“It was a tough drill. Junior went up the rope the fastest. Joe told me that everyone else was just using their hands. Junior wrapped his legs around the rope and was moving fast.
“The line that I remember from Joe was that if you put Tarzan and Junior side by side and had a rope challenge, Junior would win. That’s a 300-pounder going up a rope faster than Tarzan. Junior was just special in his own talents.”
That’s what they say about Mataio, just in a different way.
“Neither one us have great cardio,” Junior said. “Mataio’s cardio isn’t great. Mine sure was not. He inherited that from me. I never did want to run.”
But while Mataio’s cardio stamina might not be great, he can run. He’s been sub 4.4 seconds in the 40-yard dash at camps in high school, and likely an elite pass rusher now that he’s got a healthy hand. Mataio played with a “club” cast on his right hand for most of his freshman season after breaking a bone in the first game.
“He played with the broken hand for the rest of the game, that Portland State game when the big tight end crashed into him,” Junior said. “I saw it happen. Junior’s hand got trapped inside their bodies when they went down.
“It’s interesting because his junior year in high school, he broke his leg – actually both bones in his shin – in the playoffs and stayed on the field for five more plays. That was incredible.”
No doubt, that’s the warrior mentality. And, it’s been instilled from Junior, who also coached Mataio in high school as the defensive line coach at Douglas County High in Douglasville, Ga.
Junior said one of the great thrills from his coaching career was a few seasons back when his bookends were Mataio on one side and older brother Solomon.
“I wanted to coach college and I was at that level at Ole Miss,” said Junior, who was an assistant strength coach under Houston Nutt. “But moving down to high school has been fun because I’d never gotten the opportunity to coach my two sons if not for that.
“You had to learn how to give a high school player different techniques. So I adapted. But it’s been a blessing to coach this level.”
Junior said he spent time trying to get another college job once Nutt was fired at Ole Miss following the 2011 season.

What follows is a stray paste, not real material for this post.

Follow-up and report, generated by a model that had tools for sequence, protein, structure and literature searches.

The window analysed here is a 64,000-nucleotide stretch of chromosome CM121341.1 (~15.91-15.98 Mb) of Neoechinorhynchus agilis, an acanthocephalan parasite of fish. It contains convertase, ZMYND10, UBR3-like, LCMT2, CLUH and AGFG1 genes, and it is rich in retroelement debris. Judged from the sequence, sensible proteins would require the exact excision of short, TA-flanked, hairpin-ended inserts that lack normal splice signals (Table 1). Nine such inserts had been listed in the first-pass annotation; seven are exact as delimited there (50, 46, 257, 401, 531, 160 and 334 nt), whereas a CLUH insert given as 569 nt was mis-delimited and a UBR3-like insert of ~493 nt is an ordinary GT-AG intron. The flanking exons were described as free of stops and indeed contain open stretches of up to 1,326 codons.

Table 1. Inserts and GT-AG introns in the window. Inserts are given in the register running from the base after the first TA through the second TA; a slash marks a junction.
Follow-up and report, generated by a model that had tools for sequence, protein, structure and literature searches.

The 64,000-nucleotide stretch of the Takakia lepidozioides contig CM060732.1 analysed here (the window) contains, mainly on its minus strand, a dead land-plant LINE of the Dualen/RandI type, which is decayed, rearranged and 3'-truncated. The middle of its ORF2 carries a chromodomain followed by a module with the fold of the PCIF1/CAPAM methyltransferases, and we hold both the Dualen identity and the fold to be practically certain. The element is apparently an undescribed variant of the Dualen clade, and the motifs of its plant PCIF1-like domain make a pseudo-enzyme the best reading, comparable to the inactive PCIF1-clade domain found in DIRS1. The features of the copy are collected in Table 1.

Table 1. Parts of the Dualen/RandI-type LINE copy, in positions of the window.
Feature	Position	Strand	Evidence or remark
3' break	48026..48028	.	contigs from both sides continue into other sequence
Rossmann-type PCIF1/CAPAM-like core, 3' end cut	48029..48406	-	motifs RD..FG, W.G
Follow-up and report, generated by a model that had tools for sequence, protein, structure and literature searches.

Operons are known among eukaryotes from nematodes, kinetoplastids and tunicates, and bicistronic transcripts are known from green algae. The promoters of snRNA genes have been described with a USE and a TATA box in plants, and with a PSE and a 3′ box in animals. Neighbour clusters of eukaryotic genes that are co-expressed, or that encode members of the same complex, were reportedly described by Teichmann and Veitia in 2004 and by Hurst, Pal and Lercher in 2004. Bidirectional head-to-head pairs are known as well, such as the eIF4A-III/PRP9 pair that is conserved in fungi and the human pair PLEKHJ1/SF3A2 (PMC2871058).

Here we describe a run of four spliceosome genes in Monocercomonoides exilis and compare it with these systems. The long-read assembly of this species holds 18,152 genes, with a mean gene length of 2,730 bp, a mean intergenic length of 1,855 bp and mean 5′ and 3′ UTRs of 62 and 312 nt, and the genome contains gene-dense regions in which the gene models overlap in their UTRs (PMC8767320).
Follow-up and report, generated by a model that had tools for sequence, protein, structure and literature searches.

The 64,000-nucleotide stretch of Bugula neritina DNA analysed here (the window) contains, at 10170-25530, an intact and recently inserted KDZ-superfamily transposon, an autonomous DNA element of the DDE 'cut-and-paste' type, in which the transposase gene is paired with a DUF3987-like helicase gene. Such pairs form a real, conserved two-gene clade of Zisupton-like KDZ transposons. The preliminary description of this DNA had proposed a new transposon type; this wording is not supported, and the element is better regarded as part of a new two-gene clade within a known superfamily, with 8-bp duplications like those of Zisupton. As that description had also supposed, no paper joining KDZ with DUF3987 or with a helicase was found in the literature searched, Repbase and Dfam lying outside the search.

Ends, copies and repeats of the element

“It just didn’t happen,” he said. “So I took the family and moved to American Samoa so they could get to see life on a Pacific island and know their grandfather and our family.”
That’s when he coached his sons for the first time.
“They were in middle school, just there one year,” Junior said. “We had a flag team. Mataio played cornerback. He actually does have the speed to play defensive back.
“It was a great time to be on the island and let my family see what it’s like and know their roots. I think Mataio will say it was a great year.”
Junior is delighted Mataio picked Arkansas. It made mom happy, too. Karen Soli is from tiny Sparkman in south Arkansas.
“We still go back and it’s the same size as the first time I went there with Karen,” Junior said. “It’s (population) 427 now. It wasn’t much more than when I went there the first time in the 1990s.”
Junior gets to as many Arkansas games as possible.
“It’s great to go back and see what has happened there,” he said. “It’s hardly the same place. Really, I never paid attention to the crowd, the stadium or anything else. I think as a player I was just focused on things between the lines.
“I never even knew stats from my games. I can tell you about some of the games from that great 1995 season when we won the SEC West. I recall going up 27-0 on Auburn. I recall that we didn’t allow Alabama a first down in the second half of that game in Tuscaloosa.”
The Razorbacks defeated Alabama and Auburn for the first time with last-second heroics that season. J.J. Meadors’ touchdown and Todd Latourette’s extra point with six seconds left sunk the Crimson Tide 20-19, and Junior Soli blocked a long field goal attempt as time expired after Auburn rallied to within 30-28 in Little Rock.